You’re basically here puffing out your chest, saying “I knew this before you guys did. So there!” Great, good for you. Next time add something to the conversation that’s worth a crap, because we already knew what you had to say before we got to your comment.

    1. I’m also sure if you were willing to take the time and put in the effort you could probably whittle what you need out of a block of metal with hand tools. It just wouldn’t be worth the trouble.

      1. I guess it would depend on how badly you wanted the weapon, and how difficult it was to obtain via other means.  

        1. Or how geeky you want to get about it. I’ve met people who’ve made Kentucky long rifles with hand tools largely from scratch. Down to making their own steel. I don’t think muzzle loaders are much to worry about. But I wouldn’t assume its beyond the pale for the same impulse to be applied to something more modern.

          1. Agreed. For some of us, it’s not about how difficult something is to acquire  it’s about the challenge and satisfaction of building a thing yourself.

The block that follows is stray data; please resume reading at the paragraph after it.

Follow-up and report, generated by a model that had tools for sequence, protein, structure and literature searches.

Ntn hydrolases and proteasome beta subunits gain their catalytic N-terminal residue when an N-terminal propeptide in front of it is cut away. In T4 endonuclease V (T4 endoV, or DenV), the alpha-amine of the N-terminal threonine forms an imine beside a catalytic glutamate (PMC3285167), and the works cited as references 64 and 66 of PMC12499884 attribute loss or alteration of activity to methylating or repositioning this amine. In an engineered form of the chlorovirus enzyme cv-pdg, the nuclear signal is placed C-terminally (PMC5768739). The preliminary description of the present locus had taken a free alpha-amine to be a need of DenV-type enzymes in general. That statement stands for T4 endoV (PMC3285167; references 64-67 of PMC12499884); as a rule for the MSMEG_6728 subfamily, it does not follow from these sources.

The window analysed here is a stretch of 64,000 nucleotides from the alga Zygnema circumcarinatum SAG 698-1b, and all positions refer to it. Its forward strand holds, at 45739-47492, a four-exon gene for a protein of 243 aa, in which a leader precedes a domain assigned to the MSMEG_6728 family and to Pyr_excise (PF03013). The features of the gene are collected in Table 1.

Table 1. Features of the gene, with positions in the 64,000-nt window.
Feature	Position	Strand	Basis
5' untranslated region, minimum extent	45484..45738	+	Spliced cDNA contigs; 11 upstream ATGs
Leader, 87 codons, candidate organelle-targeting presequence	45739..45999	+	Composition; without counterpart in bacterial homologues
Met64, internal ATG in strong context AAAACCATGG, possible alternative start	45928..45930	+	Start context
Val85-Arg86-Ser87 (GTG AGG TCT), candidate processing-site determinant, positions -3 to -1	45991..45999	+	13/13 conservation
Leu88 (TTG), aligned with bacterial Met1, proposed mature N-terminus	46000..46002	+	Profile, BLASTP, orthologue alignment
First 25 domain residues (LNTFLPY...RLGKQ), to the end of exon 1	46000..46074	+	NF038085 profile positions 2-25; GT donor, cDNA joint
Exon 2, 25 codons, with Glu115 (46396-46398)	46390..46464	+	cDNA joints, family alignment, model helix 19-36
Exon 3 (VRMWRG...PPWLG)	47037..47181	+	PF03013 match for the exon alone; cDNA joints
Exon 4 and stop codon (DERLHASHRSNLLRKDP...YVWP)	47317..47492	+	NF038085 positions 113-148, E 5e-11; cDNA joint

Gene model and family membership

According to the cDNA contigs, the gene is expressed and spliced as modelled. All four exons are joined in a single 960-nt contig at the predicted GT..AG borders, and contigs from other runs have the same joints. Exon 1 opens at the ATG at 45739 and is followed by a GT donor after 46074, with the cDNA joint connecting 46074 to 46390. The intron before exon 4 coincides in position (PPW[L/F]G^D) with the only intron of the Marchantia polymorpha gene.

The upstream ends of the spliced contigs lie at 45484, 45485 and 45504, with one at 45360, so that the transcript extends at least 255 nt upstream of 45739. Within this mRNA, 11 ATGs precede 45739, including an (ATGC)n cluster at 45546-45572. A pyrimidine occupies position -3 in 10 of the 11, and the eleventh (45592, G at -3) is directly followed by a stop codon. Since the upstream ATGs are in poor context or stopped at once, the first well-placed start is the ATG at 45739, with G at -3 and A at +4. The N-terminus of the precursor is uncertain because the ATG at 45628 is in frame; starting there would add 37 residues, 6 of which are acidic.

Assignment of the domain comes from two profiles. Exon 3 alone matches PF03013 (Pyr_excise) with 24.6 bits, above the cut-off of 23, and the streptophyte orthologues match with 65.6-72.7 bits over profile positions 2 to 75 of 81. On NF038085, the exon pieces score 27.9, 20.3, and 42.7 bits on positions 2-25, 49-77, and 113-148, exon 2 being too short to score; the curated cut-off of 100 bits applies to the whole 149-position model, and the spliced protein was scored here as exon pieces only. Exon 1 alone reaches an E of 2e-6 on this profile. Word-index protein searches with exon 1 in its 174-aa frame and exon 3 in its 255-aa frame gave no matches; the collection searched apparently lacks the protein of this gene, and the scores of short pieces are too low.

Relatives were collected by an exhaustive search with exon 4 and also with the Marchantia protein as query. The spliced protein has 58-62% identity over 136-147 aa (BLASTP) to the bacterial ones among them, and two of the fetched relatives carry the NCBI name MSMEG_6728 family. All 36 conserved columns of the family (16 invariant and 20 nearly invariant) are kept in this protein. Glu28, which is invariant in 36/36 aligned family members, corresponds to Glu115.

3. As others said this isn’t really news. As long as you don’t sell it – you can make one for yourserf. They sell 80% blank forgings of the lowers that aren’t consider a gun, thus doesn’t have to go through an FFL. They are just blocks of aluminum with the outside shape. From there you need some jigs and a decent drill press and you can finish the lower yourself. (At least I think a drill press is the only thing needed.)

    He needs to finish the project by doing some home based anodizing.

    1. Did you really just ask “If you’re not doing anything illegal, then what do you have to hide”?

    2.  Branding. Can’t market yourself as an anti-government type without making it look like you’re worried they’re going to come down on you.

  4. This also just pertains to Federal law.   There’s probably a nice patchwork quilt of state and local ordinances regarding such ordnance.

  5. a company in redmond oregon will make an incomplete receiver that you finish. no serial number. no license. Catch? only you may hold or fire it. It must be destroyed when you die. You can get the ar-15 style in a 308 too. nice

    1. That’s a lot of wrong.

      “Individuals manufacturing sporting-type firearms for their own use need not hold Federal Firearms Licenses (FFLs). However, we suggest that the manufacturer at least identify the firearm with a serial number as a safeguard in the event that the firearm is lost or stolen. Also, the firearm should be identified as required in 27 CFR 478.92 if it is sold or otherwise lawfully transferred in the future.